About the Series of Ice Formations
This series captures ice formations on the swamps, ponds, lakes and rivers of Interior Alaska. Many of the formations are frozen bubbles of gases such as methane and carbon dioxide trapped under ice. When water freezes, it turns into ice slowly from the surface and traps the gases. The bubbles and freezing temperatures create unique geometric patterns. The diameter of the ice formations in these photos range from 10 to 30 inches. Because methane gas is considered one of the fundamental causes of greenhouse effects, scientists in Alaska are researching these frozen bubbles in relation to the global climate change. The water also shows other beautiful patterns in fall and winter. Snow falls on lakes and rivers, freezes, melts, refreezes and creates unique organic patterns on ice. The vapor in the air freezes as frost and grows intricate ice crystals. I try to capture the beauty and the dynamic changes of water in nature. I use my medium format film camera and black and white film to capture these images, so that I scan the negative and tone digitally in Photoshop before creating prints on archival paper. Through the process of digital split-toning, the printed images have a slight tint of color. By minimizing colors, viewers can focus on the elegance of the forms and shading created by clear transparent ice and white frost.

Artist Statement
When autumn wanes and winter arrives in Fairbanks, Alaska, I happily head outside to explore ice. Winter’s first ice patterns become a magnetic subject for me. The window of time to find ice patterns is brief, because all surfaces on the ground will be covered once snow falls. Wandering and looking for ice reminds me of boyhood treasure hunting. I used to run out into the woods after school and explore places that made up my neighborhood. My footprints over unknown areas marked adventure and enjoyment of my childhood. Going out into nature was fun and uplifting enough to fulfill my youthful curiosity. As an adult, photographing ice has its roots in my childhood experiences. In this spirit I strive to know the environment at a deeper level. Genuine curiosity propels me to actively engage the place where I live. It is a conversation between nature and me. The photograph is the treasure I gather from my surroundings. I hope that the dynamic changes of water captured in the Ice Formation Series will guide viewers to feel connected to nature, inspire their curiosity of natural phenomena, and invite them to explore the geometric beauty in the details of the organic patterns. The vital dialogue between a person and their surroundings can develop their thoughts on how they live in the place perhaps allowing them to face bigger issues like global climate change. Everything – even if it appears to be insignificant – connects to larger aspects of our Earth.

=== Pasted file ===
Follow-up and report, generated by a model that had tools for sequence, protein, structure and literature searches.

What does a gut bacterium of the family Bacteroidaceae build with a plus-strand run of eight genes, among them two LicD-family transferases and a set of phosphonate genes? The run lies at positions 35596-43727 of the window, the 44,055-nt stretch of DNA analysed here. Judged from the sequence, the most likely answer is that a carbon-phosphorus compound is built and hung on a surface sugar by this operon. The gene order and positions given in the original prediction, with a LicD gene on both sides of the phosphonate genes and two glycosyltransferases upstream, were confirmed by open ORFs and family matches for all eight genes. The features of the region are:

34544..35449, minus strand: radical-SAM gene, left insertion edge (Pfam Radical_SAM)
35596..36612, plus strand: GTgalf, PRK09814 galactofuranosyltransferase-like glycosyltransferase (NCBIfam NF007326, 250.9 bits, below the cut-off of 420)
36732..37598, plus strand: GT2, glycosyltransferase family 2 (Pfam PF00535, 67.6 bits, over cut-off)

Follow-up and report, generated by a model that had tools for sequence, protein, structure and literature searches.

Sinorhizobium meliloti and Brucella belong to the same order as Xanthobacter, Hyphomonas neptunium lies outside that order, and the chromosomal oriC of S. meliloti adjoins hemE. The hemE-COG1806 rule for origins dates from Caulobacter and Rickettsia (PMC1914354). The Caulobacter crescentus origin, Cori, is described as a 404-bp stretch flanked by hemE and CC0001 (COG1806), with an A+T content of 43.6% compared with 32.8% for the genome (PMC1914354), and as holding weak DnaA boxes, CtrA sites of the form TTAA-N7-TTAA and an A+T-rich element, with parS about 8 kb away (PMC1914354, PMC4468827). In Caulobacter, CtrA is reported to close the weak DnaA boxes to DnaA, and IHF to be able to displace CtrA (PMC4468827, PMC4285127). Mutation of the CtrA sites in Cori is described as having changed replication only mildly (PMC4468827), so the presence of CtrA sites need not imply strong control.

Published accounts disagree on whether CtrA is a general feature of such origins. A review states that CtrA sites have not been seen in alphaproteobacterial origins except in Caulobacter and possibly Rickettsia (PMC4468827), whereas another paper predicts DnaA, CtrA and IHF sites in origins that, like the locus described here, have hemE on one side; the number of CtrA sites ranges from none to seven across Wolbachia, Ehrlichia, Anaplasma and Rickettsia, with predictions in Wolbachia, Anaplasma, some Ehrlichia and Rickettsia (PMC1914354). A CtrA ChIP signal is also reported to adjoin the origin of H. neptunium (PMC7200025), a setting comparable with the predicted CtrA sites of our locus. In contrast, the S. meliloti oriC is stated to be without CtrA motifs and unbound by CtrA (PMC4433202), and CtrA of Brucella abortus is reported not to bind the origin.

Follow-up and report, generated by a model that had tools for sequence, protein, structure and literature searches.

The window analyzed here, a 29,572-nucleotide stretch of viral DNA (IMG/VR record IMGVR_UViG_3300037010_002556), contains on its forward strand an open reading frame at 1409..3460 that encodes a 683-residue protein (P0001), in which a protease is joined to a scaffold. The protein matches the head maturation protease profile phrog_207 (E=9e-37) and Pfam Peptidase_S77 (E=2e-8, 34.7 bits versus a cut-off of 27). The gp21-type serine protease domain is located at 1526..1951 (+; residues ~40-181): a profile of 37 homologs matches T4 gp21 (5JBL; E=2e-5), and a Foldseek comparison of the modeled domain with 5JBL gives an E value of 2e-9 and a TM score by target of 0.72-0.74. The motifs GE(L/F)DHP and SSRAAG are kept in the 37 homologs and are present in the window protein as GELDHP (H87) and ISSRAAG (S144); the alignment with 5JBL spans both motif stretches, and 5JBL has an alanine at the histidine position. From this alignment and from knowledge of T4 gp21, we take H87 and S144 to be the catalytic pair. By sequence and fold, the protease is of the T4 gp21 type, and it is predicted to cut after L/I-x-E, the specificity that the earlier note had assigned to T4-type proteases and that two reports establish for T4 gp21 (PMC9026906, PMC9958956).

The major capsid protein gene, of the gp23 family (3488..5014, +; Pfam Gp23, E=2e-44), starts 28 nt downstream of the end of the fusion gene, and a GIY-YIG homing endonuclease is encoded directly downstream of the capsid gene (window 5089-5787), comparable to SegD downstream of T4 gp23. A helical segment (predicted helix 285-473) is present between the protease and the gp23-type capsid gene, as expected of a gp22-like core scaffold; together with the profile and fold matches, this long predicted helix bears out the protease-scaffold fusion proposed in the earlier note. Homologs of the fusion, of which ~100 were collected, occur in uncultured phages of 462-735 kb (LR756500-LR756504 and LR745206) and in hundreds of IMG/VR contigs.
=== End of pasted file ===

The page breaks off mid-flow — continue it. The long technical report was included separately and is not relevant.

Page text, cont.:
Practice Statement:

It is a lifelong journey to explore the places I choose to live, and to build deep relationship between the places and myself. My film cameras are my travel companions in the pursuit of this philosophy. They are vital devices which enable me to document my activities, to record my findings and feelings, to produce photographs expressing my visions, and to share them with others. . The slowness of film photography enables me to carefully pay attention to precious moments and subtle subjects, and to take more time to observe them intimately. Through my photographs, I often discover things that I didn’t notice at the time I made them photographed. I then examine and revisit the subjects or locations again, and take more photographs. This repetition helps me to deepen my understanding of the place, to become fond of the place, and to be a part of the place. Furthermore, cameras allow me to catch a precious moment that will never happen again. No two days or moments are alike. Everything is constantly changing in our everyday life. Cameras are brilliant device to capture the fragileness and ephemeralness in our world.

Our surroundings are not intended to be beautiful. They just exist as they are. Human being, however, can find beauty in them. Not only that, everyone has a distinct sense of beauty. The difference brings about the uniqueness of each person. We value and enjoy the diversity. I would like to share my own surprise and happiness when I find beauty in the land where I live. I believe that the success of my work is entirely dependent on whether I can sublimate my personal aesthetics into universal beauty by the aid of camera and photography.


Congratulations as well to Japanese photographer Ikuru Kuwajima for coming very close to winning the last SOLO IV Award with his documentary series ‘In the Circle of Ruins’, 2011-2015 exploring the out-of-this-world and rarely seen contemporary post-Soviet landscapes of Central Asia, Siberia and Transvolga with a cinematic force of arresting, sometimes terrifying beauty!